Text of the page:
New Cell Phone Law in Wisconsin

Young Woman Using Cell Phone While Driving

 

As of today, November 1, drivers with an instruction permit or probationary license are prohibited from using a cellular or other wireless telephone while driving.

In Wisconsin, anyone learning to drive must first obtain an instruction permit. You are eligible for an instruction permit at age 15-1/2. A probationary license can be issued if you are at least 16-years-old and have held an instruction permit for six months.

In addition to new drivers, probationary licenses are required for the following:

  • Drivers licensed in other countries.
  • Persons with suspended or revoked instruction permits or probationary licenses.
  • New state residents who have fewer than three years of driving experience.
  • New state residents under the age of 21.
  • New state residents who surrender a license that is expired for more than six months.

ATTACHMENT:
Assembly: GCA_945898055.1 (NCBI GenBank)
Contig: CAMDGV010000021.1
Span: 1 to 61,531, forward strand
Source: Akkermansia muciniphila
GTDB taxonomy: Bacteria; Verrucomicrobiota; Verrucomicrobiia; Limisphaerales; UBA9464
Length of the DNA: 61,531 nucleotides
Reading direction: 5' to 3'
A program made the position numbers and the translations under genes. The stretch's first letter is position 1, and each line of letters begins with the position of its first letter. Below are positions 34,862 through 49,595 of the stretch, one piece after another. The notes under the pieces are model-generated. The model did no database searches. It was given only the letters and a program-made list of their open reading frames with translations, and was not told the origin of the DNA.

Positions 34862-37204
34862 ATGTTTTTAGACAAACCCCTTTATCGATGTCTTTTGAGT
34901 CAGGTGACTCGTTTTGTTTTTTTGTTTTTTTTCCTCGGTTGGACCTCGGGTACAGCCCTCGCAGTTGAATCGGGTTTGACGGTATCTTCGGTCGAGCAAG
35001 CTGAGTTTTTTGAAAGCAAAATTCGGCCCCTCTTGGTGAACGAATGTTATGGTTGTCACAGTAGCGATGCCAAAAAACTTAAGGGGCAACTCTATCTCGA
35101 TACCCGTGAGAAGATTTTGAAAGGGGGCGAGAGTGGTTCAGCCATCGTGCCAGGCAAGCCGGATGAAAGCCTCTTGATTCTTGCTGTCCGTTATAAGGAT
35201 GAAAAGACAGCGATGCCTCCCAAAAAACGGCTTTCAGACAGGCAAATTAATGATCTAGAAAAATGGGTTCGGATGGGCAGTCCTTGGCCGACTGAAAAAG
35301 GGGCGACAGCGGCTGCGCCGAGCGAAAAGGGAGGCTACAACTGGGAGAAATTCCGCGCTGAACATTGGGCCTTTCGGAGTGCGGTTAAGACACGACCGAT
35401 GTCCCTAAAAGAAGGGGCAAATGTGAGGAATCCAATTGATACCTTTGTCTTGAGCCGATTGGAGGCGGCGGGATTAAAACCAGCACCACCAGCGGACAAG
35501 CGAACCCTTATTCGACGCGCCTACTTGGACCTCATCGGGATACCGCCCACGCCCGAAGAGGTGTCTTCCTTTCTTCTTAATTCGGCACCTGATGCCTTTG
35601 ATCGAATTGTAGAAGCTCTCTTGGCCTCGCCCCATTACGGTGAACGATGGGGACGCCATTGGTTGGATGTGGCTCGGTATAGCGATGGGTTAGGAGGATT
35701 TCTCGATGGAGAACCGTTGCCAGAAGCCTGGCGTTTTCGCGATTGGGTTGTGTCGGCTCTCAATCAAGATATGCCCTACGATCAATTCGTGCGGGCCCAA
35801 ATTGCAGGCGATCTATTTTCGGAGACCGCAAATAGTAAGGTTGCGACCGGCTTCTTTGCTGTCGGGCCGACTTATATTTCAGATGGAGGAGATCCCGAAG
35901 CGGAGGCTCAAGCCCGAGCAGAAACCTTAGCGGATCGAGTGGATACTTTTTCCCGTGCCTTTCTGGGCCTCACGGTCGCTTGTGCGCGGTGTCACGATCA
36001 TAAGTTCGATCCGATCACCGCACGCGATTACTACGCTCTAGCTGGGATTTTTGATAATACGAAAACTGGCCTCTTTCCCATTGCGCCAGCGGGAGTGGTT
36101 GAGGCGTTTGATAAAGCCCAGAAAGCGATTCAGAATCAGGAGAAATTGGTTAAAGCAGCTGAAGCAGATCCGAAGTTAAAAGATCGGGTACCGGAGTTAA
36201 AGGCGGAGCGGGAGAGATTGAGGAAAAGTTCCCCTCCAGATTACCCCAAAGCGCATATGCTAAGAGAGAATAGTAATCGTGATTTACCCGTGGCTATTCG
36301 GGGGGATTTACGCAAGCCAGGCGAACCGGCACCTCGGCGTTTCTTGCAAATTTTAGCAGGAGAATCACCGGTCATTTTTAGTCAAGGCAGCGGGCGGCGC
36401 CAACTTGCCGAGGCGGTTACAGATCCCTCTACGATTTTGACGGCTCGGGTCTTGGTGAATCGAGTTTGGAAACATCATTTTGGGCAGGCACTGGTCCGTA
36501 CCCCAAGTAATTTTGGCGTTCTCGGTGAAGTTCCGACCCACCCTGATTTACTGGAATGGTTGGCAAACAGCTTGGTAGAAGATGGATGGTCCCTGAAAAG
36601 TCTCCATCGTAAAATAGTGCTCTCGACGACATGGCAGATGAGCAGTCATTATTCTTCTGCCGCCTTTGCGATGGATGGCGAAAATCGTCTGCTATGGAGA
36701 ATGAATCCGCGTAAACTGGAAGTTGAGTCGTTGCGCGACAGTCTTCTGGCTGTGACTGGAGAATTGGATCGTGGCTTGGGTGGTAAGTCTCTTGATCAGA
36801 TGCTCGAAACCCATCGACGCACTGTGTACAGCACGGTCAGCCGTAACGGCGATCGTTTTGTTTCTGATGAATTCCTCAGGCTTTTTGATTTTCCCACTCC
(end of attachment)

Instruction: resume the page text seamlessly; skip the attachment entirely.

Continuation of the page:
Wisconsin law also prohibits texting while driving
for all motorists of all ages. That law went into effect in December 2010.

32 states and the District of Columbia have already banned all cell phone use by novice drivers.

 

Read more: www.dot.wisconsin.gov

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Nevada DMV Test Update

Nevada bans handheld cell phones

 

In 2011, Nevada banned handheld cell phone use.

As of January 1, 2012, fines up to $250 are imposed for using a handheld phone or similar device to talk, read or type. This includes surfing the internet, texting, electronic messaging and instant messaging.

The free DMV tests at driversprep.com are now updated with the new laws regarding cell phone use.

The law states that the use of a handheld cell phone or other handheld wireless communications device to engage voice communications is prohibited.

You may use a handheld cellphone only to report an emergency, and only if stopping the vehicle would be inadvisable, impractical or dangerous.

Not only is cell phone use while driving banned in Nevada, but you are up to four times more likely to crash when driving while talking on a cell phone.

It is important to remember that there are more than 3,500 distraction-related crashes in Nevada every year. Across the nation, nearly 5,500 people died and half a million were injured in crashes involving a distracted driver in 2009.

Make any necessary phone calls before or after driving. If you must make a call while driving, pull over to a safe area such as a parking lot before making or receiving a call or texting.